MIT Student Charged With Wearing Fake Bomb She Says Was Only Art


Friday, September 21st 2007, 7:45 pm
By: News On 6


BOSTON (AP) _ Star Simpson, a 19-year-old with a mane of bleached-blond hair, walked in wearing a black hooded sweatshirt with a white circuit board attached to her chest, wires protruding and LED lights flashing. On the back of the sweatshirt were two phrases that looked hand-drawn _ ``Socket to me'' and ``Course VI.''

The MIT engineering student may have gotten the response she wanted Thursday at the school's career day, where employers were looking for creative minds and participants knew what ``Course VI'' meant.

Her outfit made an entirely different impression Friday morning at Logan International Airport, where two of the jets hijacked in the Sept. 11 attacks had taken off six years earlier.

``She's lucky to be in a cell as opposed to the morgue,'' said State Police Maj. Scott Pare, the airport's commanding officer.

Security officials sent in members of the bomb squad and state troopers to arrest Simpson at gunpoint, not satisfied with her explanation that the device was harmless artwork intended to help the sophomore stand out at the career fair.

Simpson, of Lahaina, Hawaii, was charged with possessing a hoax device. Her attorney, Ross Schreiber, described the charge as ``offbase'' and almost ``paranoid,'' arguing at a court hearing Friday that she did not act in a suspicious manner and had told an airport worker that the device was artwork.

She has expertise in electronics and even received a Congressional citation for her work in robotics, Ross Schreiber said.

Officials said they were amazed that someone would wear such a device at the airport, given the 2001 attacks and the uproar created eight months ago by men by dozens of harmless but mysterious electronic devices found around Boston.

Simpson showed ``a total disregard to understand the context of the situation she is in, which is an airport of post-9/11,'' prosecutor Wayne Margolis said at a hearing where a not guilty plea was entered for Simpson and she was released on $750 bail. Margolis had asked for $5,000 bail.

``I'm shocked and appalled that somebody would wear this type of device to an airport,'' Pare told reporters on Friday.

Simpson was arrested about 8 a.m. outside Terminal C, home to United Airlines, Jet Blue and other carriers.

A Massachusetts Port Authority staffer manning an information booth in the terminal became suspicious when Simpson _ wearing the device and holding some Play-Doh _ approached to ask about an incoming flight, Pare said. Simpson then walked outside, and the staffer notified a nearby trooper.

The trooper, joined by others with submachine guns, confronted her at a traffic island in front of the terminal.

``She was immediately told to stop, to raise her hands and not to make any movement, so we could observe all her movements to see if she was trying to trip any type of device,'' Pare said. ``Had she not followed the protocol, we might have used deadly force.''

The terminal was not evacuated and flights were not affected, airport officials said.

Simpson said the device ``was a piece of art and she wanted to stand out on career day,'' Pare said. ``She claims that it was just art, and that she was proud of the art and she wanted to display it.''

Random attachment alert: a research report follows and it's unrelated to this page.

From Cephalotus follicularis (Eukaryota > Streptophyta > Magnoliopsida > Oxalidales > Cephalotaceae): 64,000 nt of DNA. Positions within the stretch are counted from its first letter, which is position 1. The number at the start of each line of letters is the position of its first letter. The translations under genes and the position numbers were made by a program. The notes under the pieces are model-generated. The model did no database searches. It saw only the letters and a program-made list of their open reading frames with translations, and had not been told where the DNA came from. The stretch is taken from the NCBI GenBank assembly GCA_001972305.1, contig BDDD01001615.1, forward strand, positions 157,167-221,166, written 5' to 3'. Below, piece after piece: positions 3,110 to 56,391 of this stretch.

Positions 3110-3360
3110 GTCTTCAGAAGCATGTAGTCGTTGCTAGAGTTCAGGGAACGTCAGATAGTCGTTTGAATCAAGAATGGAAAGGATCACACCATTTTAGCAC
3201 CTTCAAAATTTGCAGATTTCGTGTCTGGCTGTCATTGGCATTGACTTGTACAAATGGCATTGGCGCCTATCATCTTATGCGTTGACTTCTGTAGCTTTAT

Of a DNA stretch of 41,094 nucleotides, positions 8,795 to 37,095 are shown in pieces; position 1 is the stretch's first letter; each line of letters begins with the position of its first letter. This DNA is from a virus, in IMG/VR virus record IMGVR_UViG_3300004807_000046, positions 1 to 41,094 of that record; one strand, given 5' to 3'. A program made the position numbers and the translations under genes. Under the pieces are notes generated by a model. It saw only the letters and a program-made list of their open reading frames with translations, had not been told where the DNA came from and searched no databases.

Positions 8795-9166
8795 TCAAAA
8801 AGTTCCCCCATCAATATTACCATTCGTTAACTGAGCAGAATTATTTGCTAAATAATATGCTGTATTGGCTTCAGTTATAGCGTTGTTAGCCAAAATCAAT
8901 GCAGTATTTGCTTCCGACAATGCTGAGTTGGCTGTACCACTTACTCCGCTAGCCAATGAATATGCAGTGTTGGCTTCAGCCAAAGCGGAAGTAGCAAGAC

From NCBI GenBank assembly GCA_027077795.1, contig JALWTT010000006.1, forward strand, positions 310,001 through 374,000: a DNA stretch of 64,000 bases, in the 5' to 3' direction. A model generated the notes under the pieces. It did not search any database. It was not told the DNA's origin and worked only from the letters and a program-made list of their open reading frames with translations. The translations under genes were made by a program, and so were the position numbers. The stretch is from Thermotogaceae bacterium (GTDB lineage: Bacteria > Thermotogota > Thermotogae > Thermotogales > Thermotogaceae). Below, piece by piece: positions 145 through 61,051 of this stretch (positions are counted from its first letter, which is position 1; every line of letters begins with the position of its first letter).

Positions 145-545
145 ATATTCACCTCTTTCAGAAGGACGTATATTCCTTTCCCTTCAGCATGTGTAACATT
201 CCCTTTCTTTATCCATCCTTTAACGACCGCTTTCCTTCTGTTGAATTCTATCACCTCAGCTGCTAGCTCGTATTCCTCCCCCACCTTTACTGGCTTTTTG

The term ``Course VI'' on her sweatshirt appears to refer to MIT's major of electrical engineering and computer science.

Pare said Simpson had taken a subway to the airport, but he was not sure if she had the device on at that time.

Schreiber said his client was not a risk to flee, cooperated with authorities and was a good student with no prior convictions. He said they would fight the charges.

``I would characterize it as almost being paranoid at this point,'' he said of authorities' response.

He said she had gone to the airport to meet her boyfriend. ``She was there for legitimate purposes,'' Schreiber said.

During the hearing, Simpson smiled as she entered wearing a T-shirt and sandals. After she posted bail, she left in a taxi with a man who identified himself as her boyfriend, but neither would answer more questions from reporters.

Boston was the focus of a security scare Jan. 31 when dozens of battery-powered devices that featured characters making an obscene gesture were discovered in various locations. Bomb squads were deployed and some transportation links were closed temporarily. They turned out to be a promotion for the Cartoon Network. Two men were charged in that incident, but prosecutors dropped the charges after they apologized and performed community service.

Simpson was a member of MIT's swimming and diving team in 2006, according to the team's Web site. She is the secretary of the Massachusetts Institute of Technology's Electrical Research Society, her lawyer said. She is a graduate of the Hawaii Preparatory Academy, a private boarding school, has won school prizes for chemistry and leadership and had received a Congressional citation for her work in robotics, Schreiber said.

MIT issued a statement saying the school is cooperating with authorities. The statement said: ``As reported to us by authorities, Ms. Simpson's actions were reckless and understandably created alarm at the airport.''

Pare praised the booth attendant and said the incident is a reminder of the terrorism threat confronting the civil aviation system.

``In this day and age, the threat continues to be there,'' he said.